I left my phone in a Lyft in Atlanta
Late Saturday night, early Sunday morning, I left my phone in a Lyft. I was visiting home from a far away place, and had been at my friend’s birthday party.
The party was wonderful. I saw old friends, I drank cheap beer from a keg, and met interesting people I didn’t know existed before. At the end of it all, I was a little drunk and a lot happy that I’d had a chance to visit home.
I called a Lyft to take me to the place I was staying. I hopped in the car, looked through my text messages on my phone to find the place of where I was staying, but couldn’t find it because the message was too old. I asked the driver, James, to put in the address of a location near by, one that I could navigate from, and we were off!
I don’t recall us having a bad time. I must confess, I had been drinking, so my recollection of our conversations are unclear. With that being said, he seemed to be a lovely human and I was quite appreciative of the ride.
James dropped me off, and I left the Lyft and wandered back into the place I was staying, and promptly realized my phone was not in my pocket. After about 3 minutes, I headed out to the road to see if my phone had slipped from my pocket in the street. It hadn’t.
The next morning I contacted Lyft, seeking their assistance in contacting James. They sent him an email, to which he didn’t respond. I asked them to try again; perhaps he had missed the message. He failed to respond to a second email, and then a third.
After the third they recommended I contact the authorities. I was reluctant to do so, as I had hoped James would do the right thing and give my phone back. I messaged the company, asking them to contact him about a reward, anything.
Unfortunately, Lyft simply requested that I contact the authorities and that they would supply them with information about the driver, given a subpoena. As I was visiting from out of town and had a flight to catch, I did so when I returned home.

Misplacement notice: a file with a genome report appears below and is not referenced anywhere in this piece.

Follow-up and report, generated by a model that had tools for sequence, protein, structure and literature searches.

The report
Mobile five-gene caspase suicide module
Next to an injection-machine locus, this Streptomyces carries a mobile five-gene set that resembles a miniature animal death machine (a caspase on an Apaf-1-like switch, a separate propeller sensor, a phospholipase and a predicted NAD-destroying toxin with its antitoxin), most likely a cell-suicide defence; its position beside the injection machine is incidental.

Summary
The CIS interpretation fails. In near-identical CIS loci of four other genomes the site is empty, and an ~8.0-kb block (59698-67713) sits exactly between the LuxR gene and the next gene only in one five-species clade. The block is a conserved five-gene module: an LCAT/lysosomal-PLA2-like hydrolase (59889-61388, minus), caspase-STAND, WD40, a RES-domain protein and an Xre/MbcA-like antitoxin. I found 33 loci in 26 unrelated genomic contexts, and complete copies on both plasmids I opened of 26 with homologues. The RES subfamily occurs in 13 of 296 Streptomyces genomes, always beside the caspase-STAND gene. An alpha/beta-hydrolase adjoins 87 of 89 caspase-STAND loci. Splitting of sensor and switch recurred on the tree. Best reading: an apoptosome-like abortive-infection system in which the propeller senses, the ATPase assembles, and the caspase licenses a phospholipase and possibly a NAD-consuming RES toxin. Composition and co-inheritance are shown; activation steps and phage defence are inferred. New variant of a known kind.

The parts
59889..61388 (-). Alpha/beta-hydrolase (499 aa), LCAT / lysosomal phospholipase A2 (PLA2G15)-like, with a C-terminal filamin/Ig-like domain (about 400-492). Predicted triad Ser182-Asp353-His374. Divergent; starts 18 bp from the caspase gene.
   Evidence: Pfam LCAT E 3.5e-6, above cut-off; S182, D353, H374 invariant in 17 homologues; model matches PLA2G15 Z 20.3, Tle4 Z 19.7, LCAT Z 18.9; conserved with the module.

Apparently it takes up to two days to file a police report. I currently have two pending. This is my only way of contacting the driver at this point.
Lyft continues to refer to my phone as something I “lost”, which I find to be a misleading term. I know who has (or had) my phone. Lyft knows who has my phone. Unfortunately for me, Lyft fails to make any real effort in helping me recover my property.
I did not want to involve the police. I don’t want to take action against James. I just want my property back. I’m not sure why this is such a hurdle.
I’m really surprised that Lyft is taking such a laissez-faire approach to the intentional withholding of personal property within the car of a person they contract to drive for them. They refuse to confirm if this individual is still driving for them, bringing to light deeper concerns for the safety of those who use Lyft as a safe ride home.
The response from this corporation is pretty unsettling.
Austin, TX recently made a move to disallow rideshare companies who fail to fingerprint their drivers. This was a controversial move, though one that was backed by voters in Texas. Though I frequently disagree with legislation that passes in Texas, I do think this move by Austin is the right one.
The decision to allow individuals with criminal intent to work for their company is irresponsible and dangerous. I only lost a phone, but given the disinterest from the people who have the means to make a difference and the lack of transparency in efforts to remedy situations such as this, I can’t help but be deeply concerned about the apparent apathy of companies such as Lyft toward the riders that sustain them.
Yeah, I’d like to get my phone back. That would be awesome. But more than that, I’d like to see the companies that we support show some reciprocity toward their users.